Advocating for Financial Cooperatives
Limiting regulatory burden at the global level
In today’s regulatory environment, many financial rules are set at the international level.
National regulators often have limited discretion to deviate from international standards once they are finalized.
World Council’s advocacy efforts have succeeded in reducing regulatory burdens associated with international financial regulatory standards in many areas such as prudential regulation, anti-money laundering, taxation and accounting standards.
World Council advocates before international standard setting bodies on behalf of the global financial cooperative movement, including the Basel Committee on Banking Supervision, the Financial Action Task Force, the International Accounting Standards Board and the Financial Stability Board.
World Council’s recent policy successes include:
- Achieving increased Basel III regulatory capital flexibility for cooperative financial institutions from the Basel Committee;
- Obtaining clearer guidance on correspondent banking anti-money laundering requirements from the Financial Action Task Force;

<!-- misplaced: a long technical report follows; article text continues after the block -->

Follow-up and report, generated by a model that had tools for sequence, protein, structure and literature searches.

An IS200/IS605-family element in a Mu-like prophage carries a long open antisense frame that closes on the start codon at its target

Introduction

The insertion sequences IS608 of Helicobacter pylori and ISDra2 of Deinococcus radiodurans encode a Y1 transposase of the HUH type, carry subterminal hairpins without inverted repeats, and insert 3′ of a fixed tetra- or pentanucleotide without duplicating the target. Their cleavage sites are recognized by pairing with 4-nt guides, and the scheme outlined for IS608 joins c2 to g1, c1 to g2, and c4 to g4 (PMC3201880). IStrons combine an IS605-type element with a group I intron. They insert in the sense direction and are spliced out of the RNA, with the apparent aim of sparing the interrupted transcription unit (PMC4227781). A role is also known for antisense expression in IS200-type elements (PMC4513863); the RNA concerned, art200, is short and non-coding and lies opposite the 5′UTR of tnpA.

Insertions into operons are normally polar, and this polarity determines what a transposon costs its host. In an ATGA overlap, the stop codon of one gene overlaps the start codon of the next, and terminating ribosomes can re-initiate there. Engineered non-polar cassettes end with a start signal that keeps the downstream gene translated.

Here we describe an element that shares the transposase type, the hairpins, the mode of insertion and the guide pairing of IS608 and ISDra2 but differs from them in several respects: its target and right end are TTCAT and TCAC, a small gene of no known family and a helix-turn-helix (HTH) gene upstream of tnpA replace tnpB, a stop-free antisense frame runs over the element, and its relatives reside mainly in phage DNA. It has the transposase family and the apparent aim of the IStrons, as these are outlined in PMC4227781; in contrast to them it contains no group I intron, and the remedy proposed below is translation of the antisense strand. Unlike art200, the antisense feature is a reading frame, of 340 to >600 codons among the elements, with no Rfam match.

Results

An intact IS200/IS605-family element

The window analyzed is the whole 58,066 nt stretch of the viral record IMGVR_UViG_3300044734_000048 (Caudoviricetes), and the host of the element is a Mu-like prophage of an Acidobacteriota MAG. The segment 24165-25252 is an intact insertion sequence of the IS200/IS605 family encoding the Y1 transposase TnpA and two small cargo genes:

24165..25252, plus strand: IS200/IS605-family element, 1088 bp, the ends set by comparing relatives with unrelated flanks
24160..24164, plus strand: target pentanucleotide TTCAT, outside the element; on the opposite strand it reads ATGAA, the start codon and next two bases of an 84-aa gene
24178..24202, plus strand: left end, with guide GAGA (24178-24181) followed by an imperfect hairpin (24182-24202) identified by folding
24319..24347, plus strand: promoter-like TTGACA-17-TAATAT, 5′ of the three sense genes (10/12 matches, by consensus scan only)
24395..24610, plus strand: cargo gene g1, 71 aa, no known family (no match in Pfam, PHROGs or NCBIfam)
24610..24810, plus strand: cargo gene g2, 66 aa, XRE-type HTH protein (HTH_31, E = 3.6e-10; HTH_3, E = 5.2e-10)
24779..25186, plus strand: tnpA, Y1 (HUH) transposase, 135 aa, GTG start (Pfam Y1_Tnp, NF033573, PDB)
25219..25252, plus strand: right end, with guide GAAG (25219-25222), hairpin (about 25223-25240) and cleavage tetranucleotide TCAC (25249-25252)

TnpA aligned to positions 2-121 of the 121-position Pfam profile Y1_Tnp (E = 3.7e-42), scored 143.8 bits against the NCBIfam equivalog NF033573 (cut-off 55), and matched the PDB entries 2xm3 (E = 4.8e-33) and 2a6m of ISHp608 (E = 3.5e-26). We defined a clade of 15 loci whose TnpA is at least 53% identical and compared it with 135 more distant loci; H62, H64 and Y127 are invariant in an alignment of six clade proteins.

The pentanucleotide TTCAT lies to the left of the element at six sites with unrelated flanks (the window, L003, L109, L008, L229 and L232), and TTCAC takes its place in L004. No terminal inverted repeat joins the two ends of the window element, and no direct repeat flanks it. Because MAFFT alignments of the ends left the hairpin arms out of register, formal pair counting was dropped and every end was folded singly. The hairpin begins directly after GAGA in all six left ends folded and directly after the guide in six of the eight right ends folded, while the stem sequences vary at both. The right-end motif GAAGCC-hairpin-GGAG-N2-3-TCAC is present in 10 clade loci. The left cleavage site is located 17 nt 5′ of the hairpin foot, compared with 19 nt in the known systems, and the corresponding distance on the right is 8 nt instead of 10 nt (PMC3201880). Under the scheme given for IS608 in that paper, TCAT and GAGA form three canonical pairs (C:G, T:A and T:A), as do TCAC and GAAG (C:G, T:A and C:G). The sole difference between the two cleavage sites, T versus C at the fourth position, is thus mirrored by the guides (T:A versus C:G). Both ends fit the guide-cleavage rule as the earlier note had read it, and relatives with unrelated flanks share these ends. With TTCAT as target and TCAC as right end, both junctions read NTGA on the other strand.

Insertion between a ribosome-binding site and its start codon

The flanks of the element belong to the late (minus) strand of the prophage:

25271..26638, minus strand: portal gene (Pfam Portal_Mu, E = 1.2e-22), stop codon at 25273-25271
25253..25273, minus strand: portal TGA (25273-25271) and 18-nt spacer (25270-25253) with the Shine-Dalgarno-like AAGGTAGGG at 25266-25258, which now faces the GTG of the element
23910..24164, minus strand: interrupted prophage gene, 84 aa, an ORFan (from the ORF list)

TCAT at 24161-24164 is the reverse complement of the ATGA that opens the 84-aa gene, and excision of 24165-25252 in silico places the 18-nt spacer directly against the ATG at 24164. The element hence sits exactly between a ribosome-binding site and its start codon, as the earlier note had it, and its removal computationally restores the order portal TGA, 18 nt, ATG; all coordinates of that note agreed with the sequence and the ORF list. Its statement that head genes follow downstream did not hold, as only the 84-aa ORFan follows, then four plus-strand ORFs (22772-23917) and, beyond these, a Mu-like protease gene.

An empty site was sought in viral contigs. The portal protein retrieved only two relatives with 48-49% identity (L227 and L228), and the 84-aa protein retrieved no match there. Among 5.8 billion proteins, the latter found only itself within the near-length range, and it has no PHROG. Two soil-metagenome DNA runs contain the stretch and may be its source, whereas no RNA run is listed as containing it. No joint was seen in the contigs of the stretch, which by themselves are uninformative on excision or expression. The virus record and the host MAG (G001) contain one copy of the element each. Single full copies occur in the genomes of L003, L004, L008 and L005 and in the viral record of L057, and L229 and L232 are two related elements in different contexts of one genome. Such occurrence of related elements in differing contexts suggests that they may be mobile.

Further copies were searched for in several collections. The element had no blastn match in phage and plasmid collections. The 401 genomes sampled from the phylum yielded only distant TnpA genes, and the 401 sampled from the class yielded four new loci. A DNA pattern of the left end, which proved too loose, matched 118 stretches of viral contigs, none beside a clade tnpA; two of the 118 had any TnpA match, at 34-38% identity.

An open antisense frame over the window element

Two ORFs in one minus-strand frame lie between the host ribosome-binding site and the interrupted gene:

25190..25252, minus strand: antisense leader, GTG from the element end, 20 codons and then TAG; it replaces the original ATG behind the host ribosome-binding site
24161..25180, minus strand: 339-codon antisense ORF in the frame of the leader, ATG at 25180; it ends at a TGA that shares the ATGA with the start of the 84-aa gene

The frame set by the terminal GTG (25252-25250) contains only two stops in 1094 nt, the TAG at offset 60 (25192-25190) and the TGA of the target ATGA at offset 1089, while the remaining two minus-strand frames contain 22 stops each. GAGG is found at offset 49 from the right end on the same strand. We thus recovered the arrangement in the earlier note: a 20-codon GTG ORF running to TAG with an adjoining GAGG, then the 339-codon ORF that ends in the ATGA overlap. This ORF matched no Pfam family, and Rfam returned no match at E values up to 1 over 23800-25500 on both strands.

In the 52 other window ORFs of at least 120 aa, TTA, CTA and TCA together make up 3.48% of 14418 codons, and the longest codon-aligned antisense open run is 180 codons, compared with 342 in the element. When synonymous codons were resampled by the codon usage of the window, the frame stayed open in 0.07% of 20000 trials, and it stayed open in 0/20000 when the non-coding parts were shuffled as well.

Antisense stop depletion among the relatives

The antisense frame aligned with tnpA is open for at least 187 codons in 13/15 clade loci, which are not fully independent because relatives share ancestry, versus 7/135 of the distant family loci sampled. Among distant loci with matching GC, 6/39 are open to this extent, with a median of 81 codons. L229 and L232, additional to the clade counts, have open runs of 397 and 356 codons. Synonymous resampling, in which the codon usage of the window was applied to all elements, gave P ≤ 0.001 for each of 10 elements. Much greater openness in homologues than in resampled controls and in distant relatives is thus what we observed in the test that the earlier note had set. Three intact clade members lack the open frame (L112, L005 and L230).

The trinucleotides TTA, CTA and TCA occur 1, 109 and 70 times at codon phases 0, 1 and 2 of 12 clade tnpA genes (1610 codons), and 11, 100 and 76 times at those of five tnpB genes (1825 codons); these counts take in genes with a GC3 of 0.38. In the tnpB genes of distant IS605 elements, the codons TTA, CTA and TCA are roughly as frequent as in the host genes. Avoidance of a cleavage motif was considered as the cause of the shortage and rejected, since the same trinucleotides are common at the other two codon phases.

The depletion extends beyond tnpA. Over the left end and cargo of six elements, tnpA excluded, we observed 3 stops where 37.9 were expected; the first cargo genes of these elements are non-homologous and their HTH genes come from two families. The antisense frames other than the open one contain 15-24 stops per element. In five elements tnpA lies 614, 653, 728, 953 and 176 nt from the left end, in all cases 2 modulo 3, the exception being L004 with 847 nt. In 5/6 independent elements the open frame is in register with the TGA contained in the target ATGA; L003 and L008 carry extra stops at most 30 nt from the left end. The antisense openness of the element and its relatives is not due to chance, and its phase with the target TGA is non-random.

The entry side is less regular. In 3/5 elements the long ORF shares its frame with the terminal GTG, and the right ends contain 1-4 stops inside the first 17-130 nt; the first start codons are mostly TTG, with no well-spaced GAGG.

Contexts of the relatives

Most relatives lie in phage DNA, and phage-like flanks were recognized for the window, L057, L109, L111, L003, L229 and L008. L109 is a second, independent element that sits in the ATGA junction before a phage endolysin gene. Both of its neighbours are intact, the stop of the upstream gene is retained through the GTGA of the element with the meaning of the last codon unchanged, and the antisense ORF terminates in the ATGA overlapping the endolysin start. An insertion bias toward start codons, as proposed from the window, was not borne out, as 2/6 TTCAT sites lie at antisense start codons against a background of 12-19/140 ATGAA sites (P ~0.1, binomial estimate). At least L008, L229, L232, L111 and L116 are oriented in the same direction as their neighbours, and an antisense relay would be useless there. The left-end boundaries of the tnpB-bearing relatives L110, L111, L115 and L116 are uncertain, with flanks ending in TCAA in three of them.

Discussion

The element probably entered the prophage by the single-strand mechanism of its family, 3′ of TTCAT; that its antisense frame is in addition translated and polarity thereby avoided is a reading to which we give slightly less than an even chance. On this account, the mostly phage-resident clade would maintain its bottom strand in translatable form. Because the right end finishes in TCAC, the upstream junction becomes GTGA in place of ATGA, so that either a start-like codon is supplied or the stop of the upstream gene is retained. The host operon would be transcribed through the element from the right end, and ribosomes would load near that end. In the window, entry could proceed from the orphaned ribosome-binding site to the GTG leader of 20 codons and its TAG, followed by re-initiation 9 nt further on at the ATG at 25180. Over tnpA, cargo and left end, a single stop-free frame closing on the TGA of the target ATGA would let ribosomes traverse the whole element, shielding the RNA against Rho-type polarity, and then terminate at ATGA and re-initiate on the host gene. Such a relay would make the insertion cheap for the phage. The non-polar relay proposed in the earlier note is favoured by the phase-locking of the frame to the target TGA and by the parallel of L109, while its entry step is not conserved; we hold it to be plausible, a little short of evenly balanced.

- Exempting non-internationally active financial institutions from the Basel Committee’s Interest Rate Risk, External Auditing, and Total Loss Absorbing Capacity rules, among others;
- Removing unfounded criticisms of co-operative governance from Basel Committee standards;
- Attaining a “practical expedient” from the International Accounting Standards Board that limits the regulatory burdens of International Financial Reporting Standard 9 (IFRS 9) on smaller financial cooperatives;
- Reducing the Basel III reserves required to hold term deposits made by financial cooperatives in other financial institutions, so that financial cooperatives can achieve better yields on their term deposit investments;
- Carving out community-based financial cooperatives from the Foreign Account Tax Compliance Act (FATCA); and
- Gaining new exemptions from Basel III for credit unions in the European Union.